Is Western Culture Dying?

Some scenery at YMCA of the Rockies

This post is also available as a podcast: https://anchor.fm/teague-mckamey/episodes/Is-Western-Culture-Dying-e1jjpt8

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My daughter attends high school online through Wilson Hill Academy. It has been a wonderful fit for her, and we love the Christ-centered education they offer. Given it is virtual education, Wilson Hill intentionally fosters community amongst families. One way they do this is through an in-person gathering called LINK. This year, LINK was held in Estes Park, Colorado, at YMCA of the Rockies.

Each morning at LINK starts with a devotional time. Wilson Hill teacher Greg Lawrence gave one of the messages, and I LOVED it! Greg started with a statement he said some might find controversial: We are living in the death throes of western culture. (I have touched on this in another post: https://thevoiceofone.org/2013/01/07/a-dragon-in-lambs-clothing/). Given that western culture has been largely Judeo-Christian, its erosion can cause Christians to feel fear and wonder what God is doing.

From here, Greg went to Daniel chapter two where Daniel interprets a dream for King Nebuchadnezzar. In the dream, there is a statue with a head of gold, chest of silver, torso of bronze, and legs and feet made of iron mixed with clay. Daniel explains these are the kingdoms of Babylon, Medo-Persia, Greece, and Rome. Greg said the succession of these kingdoms shows God moving history forward through death and resurrection. Each kingdom rises, falls/dies, and a new kingdom is raised in its place. Greg also related God moving history through death and resurrection to the old and new covenants. In the time of Jesus and the apostles, the old covenant died, and the new covenant was raised in its place.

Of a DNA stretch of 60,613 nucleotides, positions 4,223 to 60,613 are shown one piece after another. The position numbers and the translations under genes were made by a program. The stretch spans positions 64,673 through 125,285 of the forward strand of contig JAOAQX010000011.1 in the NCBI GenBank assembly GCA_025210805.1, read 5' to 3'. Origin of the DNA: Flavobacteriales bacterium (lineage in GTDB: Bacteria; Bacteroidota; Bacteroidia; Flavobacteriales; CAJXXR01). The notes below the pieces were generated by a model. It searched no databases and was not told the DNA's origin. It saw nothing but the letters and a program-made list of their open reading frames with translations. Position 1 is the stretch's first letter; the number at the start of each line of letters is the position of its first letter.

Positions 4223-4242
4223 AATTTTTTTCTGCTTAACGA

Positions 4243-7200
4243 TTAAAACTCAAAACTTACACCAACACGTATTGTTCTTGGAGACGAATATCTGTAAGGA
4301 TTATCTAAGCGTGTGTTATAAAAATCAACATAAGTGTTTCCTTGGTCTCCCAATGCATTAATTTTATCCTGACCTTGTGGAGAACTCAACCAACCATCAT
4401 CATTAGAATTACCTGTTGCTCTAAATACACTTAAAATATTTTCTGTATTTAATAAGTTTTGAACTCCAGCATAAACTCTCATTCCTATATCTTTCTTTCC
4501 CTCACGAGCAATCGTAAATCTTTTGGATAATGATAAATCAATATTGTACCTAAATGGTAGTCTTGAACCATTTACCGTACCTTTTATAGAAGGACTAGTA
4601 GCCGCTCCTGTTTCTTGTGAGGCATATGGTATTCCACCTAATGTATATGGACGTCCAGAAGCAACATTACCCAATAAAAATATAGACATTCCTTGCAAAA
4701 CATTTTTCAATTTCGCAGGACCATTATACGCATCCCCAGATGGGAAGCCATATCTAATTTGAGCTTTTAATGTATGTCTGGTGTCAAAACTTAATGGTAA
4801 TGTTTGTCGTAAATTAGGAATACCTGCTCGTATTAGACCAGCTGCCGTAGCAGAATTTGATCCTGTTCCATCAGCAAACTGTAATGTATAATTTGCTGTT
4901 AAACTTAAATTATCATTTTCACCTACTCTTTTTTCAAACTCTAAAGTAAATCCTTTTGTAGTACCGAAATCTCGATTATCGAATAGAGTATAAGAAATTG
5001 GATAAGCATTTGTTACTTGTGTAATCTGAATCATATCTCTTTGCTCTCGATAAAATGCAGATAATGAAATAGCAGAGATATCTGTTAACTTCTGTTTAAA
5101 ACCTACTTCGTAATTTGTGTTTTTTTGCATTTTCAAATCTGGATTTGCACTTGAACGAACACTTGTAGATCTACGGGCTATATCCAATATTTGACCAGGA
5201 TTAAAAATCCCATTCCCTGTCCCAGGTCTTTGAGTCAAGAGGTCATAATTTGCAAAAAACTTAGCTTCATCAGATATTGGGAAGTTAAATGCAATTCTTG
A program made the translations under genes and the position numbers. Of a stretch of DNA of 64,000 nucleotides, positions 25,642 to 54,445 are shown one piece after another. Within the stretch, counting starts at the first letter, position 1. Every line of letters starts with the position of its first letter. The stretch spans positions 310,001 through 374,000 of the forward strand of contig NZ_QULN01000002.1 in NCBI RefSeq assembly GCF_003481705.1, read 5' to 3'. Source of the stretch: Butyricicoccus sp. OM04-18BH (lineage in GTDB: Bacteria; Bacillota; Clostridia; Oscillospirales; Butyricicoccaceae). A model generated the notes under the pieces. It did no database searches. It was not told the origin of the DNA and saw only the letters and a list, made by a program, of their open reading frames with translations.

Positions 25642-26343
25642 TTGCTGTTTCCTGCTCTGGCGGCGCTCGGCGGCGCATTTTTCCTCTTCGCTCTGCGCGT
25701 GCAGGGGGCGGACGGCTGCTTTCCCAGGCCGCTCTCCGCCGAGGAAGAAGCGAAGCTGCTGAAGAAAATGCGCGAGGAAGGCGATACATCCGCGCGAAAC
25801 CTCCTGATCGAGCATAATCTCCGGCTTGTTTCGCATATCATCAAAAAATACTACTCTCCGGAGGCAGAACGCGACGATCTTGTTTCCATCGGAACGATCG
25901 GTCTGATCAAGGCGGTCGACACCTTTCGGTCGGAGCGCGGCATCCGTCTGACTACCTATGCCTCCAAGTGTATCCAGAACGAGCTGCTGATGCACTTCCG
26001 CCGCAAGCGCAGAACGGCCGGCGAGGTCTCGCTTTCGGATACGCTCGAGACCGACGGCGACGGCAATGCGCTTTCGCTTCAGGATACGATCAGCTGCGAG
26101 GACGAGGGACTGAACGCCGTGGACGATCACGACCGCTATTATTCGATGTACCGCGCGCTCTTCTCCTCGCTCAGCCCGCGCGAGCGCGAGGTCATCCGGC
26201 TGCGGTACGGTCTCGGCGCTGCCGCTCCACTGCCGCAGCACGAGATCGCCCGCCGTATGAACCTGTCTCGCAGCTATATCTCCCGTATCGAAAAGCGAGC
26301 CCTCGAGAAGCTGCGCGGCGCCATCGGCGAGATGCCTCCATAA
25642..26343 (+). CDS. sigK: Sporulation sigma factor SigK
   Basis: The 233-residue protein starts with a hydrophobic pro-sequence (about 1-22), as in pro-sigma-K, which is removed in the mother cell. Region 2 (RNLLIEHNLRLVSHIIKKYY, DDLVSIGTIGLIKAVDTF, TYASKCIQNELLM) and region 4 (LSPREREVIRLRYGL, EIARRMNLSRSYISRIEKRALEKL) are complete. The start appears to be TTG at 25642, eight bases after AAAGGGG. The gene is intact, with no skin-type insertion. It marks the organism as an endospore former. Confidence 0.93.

Greg ended with the theme verse for LINK: “Therefore, my dear brothers, be steadfast, immovable, always excelling in the Lord’s work, knowing that your labor in the Lord is not in vain” (1 Cor. 15:58). In context, Paul is talking about death and resurrection as it relates to Christ and those in Him. Our work is not in vain because we believe in the God of death and resurrection. If western culture is dying, it is because God is bringing it into death. Our hope is not that western culture lives on forever. Our hope is in resurrection.

Readers of The Voice of One know that Christ’s death and resurrection is the primary lens through which I see scripture. But I hadn’t considered Nebuchadnezzar’s dream through this lens. Needless to say, I found Greg’s message exciting.

Something I have observed is that believers often put their faith in God doing what they expect. In any situation, there are outcomes we would prefer, and we ”trust God” to move things toward our desired outcomes. But God doesn’t move according to our desires. He moves according to death and resurrection. When God moves according to death and resurrection instead of according to our expectations, we are confused and unsettled. Some even lose faith completely. The antidote is for the church to know her God and put aside the idol of our preferred outcomes. (For more on this read here: https://thevoiceofone.org/2018/03/09/four-wills-of-the-cross-and-other-news/).

Our view of God also affects how we act. Many Christians respond to the erosion of western culture with fear and going to battle against anyone who doesn’t share our worldview. We have decided God’s will is to preserve western culture, and that He backs our culture war. But what if God is working according to death and resurrection? We then find ourselves fighting what God is doing. That is not a fight we can win.

I realize some could find this controversial, even blasphemous. If I’m right, how do we carry ourselves? That is ultimately between each person and the Lord. For myself, I have resolved not to fight the cultural shift happening but to remain faithful to Jesus, whatever that means. As I do that, I hope God can use me to lead others out of the culture.

Come what may, I hope to posture myself like Daniel’s friends: “If the God we serve exists, then He can rescue us….  But even if He does not rescue us, we want you as king to know that we will not serve your gods….” (Dan. 3:16-20).

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